A Nelson-based hatchery pioneering selective breeding of greenshell mussels is raising the quality and earnings from the seafood, and providing skilled jobs.
Officially opened two years ago at the Cawthron Aquaculture Park, the Shellfish Production and Technology New Zealand (SPATNZ)’s hatchery at The Glen, near Nelson, takes the element of chance out of mussel farming to help growers produce better quality mussels.
The Nelson scientists have used some surprising and ingenious methods to get greenshell mussels to breed.
Light, temperature and small vibrations produced by a pump has emerged as the best combination to get the mussels going, encouraging them to produce maximum quantities of sperm and eggs.
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SPATNZ operations manager Dan McCall said the vibrations were used to recreate the spat’s natural environment.
“It’s just a way of simulating water movement over the mussels’ gills, and part their spawning – they think their eggs and sperm in the wild are going to be distributed and carried away by the current – it’s just one of the many tricks we have to get the most out of the brood stock.”
Once the programme is in full swing the SPATNZ hatchery could produce about 30,000 tonnes a year of adult mussels, adding $200 million to the industry. Last year 80,000 tonnes of greenshell mussels were harvested nationally.
It takes two years for mussels to grow from spat into adults when they can be sent to marine farms around the country.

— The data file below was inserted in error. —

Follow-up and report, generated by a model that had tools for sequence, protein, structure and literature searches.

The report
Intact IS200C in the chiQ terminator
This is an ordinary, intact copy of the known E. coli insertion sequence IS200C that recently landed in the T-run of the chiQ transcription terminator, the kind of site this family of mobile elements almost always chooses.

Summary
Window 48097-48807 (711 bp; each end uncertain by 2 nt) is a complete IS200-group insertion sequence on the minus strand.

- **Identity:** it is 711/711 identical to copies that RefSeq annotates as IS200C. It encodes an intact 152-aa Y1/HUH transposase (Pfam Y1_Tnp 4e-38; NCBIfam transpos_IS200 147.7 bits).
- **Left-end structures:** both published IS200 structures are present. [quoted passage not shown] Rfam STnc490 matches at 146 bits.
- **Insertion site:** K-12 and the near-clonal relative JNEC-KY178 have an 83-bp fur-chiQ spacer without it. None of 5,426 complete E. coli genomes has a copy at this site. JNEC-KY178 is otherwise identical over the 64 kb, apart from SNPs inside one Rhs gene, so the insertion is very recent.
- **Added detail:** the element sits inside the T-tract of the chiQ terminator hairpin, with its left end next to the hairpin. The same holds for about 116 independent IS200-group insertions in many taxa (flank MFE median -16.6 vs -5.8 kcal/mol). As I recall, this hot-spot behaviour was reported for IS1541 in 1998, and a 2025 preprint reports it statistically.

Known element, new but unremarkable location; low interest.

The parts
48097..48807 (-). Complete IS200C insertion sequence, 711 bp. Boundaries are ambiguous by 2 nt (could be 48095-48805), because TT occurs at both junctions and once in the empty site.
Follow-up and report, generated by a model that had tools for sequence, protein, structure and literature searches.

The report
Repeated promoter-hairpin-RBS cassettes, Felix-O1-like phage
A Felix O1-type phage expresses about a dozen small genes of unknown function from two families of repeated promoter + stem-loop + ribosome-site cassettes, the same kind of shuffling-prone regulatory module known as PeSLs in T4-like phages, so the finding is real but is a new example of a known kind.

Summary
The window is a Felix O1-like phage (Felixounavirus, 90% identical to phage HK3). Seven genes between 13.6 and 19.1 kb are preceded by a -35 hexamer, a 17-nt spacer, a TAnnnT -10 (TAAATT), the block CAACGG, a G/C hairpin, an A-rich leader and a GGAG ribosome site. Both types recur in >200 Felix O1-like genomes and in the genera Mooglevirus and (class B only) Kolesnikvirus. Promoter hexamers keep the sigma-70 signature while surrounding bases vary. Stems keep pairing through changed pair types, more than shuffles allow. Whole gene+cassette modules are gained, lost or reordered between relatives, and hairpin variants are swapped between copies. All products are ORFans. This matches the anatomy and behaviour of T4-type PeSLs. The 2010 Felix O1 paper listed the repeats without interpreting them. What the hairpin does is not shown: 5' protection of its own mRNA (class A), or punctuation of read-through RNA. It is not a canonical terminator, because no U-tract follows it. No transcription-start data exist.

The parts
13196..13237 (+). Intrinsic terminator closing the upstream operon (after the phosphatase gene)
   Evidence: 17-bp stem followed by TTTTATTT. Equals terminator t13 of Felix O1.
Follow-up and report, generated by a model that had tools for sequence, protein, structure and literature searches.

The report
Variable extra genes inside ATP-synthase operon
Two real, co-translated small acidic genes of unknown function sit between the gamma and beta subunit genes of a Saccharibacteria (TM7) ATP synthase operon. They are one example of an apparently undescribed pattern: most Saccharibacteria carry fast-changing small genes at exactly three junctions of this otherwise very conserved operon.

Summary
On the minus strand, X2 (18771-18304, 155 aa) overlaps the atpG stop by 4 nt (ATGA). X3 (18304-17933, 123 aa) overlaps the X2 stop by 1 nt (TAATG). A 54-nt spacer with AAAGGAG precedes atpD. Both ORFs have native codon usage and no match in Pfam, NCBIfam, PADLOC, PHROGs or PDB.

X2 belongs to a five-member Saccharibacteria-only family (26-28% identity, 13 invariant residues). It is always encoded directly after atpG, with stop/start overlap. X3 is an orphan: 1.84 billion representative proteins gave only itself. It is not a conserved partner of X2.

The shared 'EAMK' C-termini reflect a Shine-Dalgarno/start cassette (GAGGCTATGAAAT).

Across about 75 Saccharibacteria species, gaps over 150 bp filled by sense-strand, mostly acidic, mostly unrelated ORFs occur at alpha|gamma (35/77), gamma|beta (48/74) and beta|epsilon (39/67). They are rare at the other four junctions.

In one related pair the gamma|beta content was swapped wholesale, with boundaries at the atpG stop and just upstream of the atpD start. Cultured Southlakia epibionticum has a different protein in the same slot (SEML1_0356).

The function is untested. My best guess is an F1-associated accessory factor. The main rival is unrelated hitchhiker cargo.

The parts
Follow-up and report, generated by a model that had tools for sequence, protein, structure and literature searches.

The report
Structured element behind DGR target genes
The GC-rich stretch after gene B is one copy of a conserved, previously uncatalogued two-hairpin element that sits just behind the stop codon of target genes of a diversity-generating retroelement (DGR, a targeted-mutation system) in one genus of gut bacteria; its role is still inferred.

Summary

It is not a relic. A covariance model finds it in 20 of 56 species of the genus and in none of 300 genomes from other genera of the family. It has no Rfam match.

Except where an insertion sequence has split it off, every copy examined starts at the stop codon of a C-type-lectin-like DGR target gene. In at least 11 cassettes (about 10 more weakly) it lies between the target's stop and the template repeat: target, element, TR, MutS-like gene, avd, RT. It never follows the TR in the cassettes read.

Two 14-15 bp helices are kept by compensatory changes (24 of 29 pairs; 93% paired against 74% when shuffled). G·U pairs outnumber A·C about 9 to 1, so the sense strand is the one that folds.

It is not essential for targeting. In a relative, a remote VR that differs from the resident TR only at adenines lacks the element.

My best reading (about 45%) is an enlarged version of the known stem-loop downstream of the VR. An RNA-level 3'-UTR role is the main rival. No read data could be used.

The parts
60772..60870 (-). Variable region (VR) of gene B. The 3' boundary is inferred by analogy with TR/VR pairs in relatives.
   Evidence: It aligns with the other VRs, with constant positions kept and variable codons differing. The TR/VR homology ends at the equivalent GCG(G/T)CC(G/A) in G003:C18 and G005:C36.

McCall said the programme was still in its early days, with a current focus on breeding for maximum productivity, with faster growth rate and fatter mussels for longer periods of time.
“We’re still in a ‘figure-it-out’ mode…and still forever coming up with challenges, efficiencies and processes – it’s a late stage pilot-scale sort of project.”
Audits had shown the hatchery spat tasted just as good as in the wild but grew better in the production sense.
The hatchery’s seven-day-a-week operation employed about 18 staff with more recruitment expected as the hatchery progressed.
SPATNZ is a partnership between the Ministry for Primary Industries (MPI) and seafood company, Sanford, through a seven-year Primary Growth Partnership.
McCall said the hatchery also enjoyed a “huge involvement” with Nelson Marlborough Institute of Technology’s Aquaculture programme.
“It is jobs for Nelson – the 18 on our books aren’t robots that turn up and do this stuff – everyone’s right into it – it is a pretty exciting field and this is one of our many milestones,” he said.
“We’re just optimising everything now – who knows where it will go from there – the rest of industry, further expansion, we don’t know what the future is going to hold.”
As a Nelsonian, McCall was proud of what had been achieved to date, although he believed many locals weren’t aware of the world-leading technology and processes taking place in the region.
The research promises to give farmers more control and certainty over growing the indigenous shellfish, worth $350 million to the economy.
SPATNZ head, Rodney Roberts said consumers would benefit from the captive-reared mussels because they would be a more consistent size.
“We are now able to produce billions of mussel eggs each month and the great news is that these are growing into strong, faster growing and more consistent mussels,” Roberts said.